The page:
Australian Financial Review, 24 November 2018
The word “love” covers a multitude of feelings that span everything from sexual desire to a connection with the environment. The works by two women artists at Victoria’s TarraWarra Museum of Art show how much richer our visual vocabulary is when it comes to capturing the nuances of our emotions.
Patricia Piccinini’s lifelike creatures, which unsettlingly fuse human and animal characteristics, display our most human emotions: tenderness, caring, nurturing, love. Her works are on show beside the paintings of Australian artist Joy Hester, who died in 1960. Hester’s works show a strength of emotional connection by blending her figures into a single entity. “It’s not a saccharine kind of love,” says curator Victoria Lynn, “there’s a kind of shadowy undercurrent to it. It’s a complex evocation of the idea of love.”
The idea for the pairing came when Lynn worked with Piccinini at the 2003 Venice Biennale and Hester’s name came up in conversation.
“Part of the reason the pairing works is that both artists are interested in the idea of the blended figure,” says Lynn. “It’s not art history, it’s a juxtaposition of two women artists and their shared sets of ideas around the condition of love.”
Hester was an important influence on Piccinini, who came across her work when she was studying economic history and art history at ANU.
“By chance I came across a book by Janine Burke [Joy Hester published in 1981],” says Piccinini. “I liked Hester’s work enormously because it came at a time when I was interested in what it meant to have connections with people. That’s one of the things about her paintings; it’s about what it feels like to love.”
Sex and ageing
Hester’s influence was key to Piccinini’s career. “When I left ANU, I got into art school on images that were very derivative of hers, except I wasn’t depicting love, I was depicting alienation,” she says.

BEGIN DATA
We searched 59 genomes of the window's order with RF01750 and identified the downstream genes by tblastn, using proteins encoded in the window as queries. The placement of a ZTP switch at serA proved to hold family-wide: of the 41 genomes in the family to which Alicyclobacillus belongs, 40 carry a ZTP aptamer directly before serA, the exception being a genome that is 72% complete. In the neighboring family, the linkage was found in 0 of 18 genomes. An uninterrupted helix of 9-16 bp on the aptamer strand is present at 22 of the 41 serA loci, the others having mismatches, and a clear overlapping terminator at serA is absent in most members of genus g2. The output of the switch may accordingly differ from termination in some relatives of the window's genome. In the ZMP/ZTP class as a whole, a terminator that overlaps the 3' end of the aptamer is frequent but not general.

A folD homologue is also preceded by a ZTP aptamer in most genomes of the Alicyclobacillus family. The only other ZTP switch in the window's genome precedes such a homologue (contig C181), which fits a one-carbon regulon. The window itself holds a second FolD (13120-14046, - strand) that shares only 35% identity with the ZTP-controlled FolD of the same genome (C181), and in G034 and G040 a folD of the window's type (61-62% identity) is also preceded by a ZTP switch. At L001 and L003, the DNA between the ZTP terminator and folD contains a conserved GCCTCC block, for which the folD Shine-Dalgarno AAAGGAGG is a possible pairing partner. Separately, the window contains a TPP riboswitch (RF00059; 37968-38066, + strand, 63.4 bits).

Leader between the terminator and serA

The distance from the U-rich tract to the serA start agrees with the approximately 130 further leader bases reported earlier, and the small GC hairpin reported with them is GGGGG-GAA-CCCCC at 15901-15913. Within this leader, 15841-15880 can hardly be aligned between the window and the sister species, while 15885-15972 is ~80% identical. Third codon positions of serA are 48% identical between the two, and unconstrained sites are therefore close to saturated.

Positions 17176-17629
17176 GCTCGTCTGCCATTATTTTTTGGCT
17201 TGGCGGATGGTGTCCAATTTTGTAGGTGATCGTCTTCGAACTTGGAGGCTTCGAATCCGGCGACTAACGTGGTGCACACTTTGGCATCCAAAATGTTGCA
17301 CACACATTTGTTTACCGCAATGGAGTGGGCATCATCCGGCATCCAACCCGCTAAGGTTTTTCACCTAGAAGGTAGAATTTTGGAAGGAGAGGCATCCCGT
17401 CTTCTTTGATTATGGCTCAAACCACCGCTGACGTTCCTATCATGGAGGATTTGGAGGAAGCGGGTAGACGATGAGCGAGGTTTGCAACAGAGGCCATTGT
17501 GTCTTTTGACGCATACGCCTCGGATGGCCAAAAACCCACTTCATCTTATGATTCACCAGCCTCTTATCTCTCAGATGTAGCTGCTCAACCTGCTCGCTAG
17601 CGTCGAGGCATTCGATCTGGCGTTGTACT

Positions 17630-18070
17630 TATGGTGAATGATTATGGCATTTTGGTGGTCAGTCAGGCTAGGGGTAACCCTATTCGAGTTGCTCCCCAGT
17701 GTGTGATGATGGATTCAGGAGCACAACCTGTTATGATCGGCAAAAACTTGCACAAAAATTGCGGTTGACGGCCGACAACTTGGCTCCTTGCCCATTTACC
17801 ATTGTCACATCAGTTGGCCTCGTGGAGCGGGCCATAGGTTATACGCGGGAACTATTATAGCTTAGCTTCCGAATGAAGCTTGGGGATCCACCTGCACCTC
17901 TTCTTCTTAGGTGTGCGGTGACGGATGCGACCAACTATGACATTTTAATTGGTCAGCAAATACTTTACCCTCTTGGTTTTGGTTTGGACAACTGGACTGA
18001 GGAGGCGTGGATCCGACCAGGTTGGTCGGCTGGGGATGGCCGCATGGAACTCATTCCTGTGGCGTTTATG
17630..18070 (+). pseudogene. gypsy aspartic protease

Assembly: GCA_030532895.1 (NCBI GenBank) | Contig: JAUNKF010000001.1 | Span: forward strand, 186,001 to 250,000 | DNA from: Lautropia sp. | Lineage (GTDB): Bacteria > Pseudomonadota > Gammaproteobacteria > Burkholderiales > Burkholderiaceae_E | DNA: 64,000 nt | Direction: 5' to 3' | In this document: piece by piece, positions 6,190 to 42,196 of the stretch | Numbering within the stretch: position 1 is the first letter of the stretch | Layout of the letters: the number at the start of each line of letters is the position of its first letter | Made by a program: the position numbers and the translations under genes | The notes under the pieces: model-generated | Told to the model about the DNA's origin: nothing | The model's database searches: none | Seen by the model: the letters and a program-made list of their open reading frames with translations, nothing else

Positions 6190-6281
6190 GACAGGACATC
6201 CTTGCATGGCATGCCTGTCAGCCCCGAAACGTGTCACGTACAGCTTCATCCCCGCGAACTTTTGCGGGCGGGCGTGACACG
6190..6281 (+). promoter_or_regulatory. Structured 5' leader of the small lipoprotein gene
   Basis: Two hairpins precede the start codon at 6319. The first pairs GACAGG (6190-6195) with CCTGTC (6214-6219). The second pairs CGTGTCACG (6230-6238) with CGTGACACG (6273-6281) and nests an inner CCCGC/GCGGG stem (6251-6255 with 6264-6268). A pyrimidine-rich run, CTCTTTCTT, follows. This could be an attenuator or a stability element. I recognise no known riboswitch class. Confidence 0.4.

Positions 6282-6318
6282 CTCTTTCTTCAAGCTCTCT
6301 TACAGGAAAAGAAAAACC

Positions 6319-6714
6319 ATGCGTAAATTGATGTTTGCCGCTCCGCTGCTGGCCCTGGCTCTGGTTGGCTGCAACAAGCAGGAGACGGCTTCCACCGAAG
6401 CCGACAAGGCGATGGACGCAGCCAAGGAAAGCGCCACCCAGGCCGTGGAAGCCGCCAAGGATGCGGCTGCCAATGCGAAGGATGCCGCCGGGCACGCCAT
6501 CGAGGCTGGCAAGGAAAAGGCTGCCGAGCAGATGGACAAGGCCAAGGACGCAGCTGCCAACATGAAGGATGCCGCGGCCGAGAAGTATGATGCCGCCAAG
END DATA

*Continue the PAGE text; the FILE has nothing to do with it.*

Hester’s images, executed quickly with brush and ink, are a stark contrast to Piccinini’s hyper-real sculptures, which can take months to complete.
“In art history there aren’t that many paintings that deal with love,” Piccinini says. “There are some works where we see a beautiful young woman and a beautiful young man. With Joy Hester it was the opposite. [Her figures are] almost monstrous. She didn’t focus on what they looked like, the focus was on what it felt like. And what it felt like was they were blended into each other. That doesn’t make a pretty picture.”
Piccinini’s own work is also discomfiting; critics have described her pieces as “creepy” and “weird”, but in this exhibition the focus is on the expression of love in its many forms.
Piccinini has created a new piece for the exhibition, Sanctuary, inspired by her interest in bonobos, a relative of chimpanzees, which live in matriarchal groups and use sex as one of their key social bonding techniques.
The work depicts an elderly couple. “I do believe as we age we still have a sexual life and it’s still really important to us,” Piccinini says of the work, which was completed just before the exhibition opened.
Patricia Piccinini and Joy Hester: Through love, TarraWarra Museum of Art, Healesville, Vic, until March 11, 2019.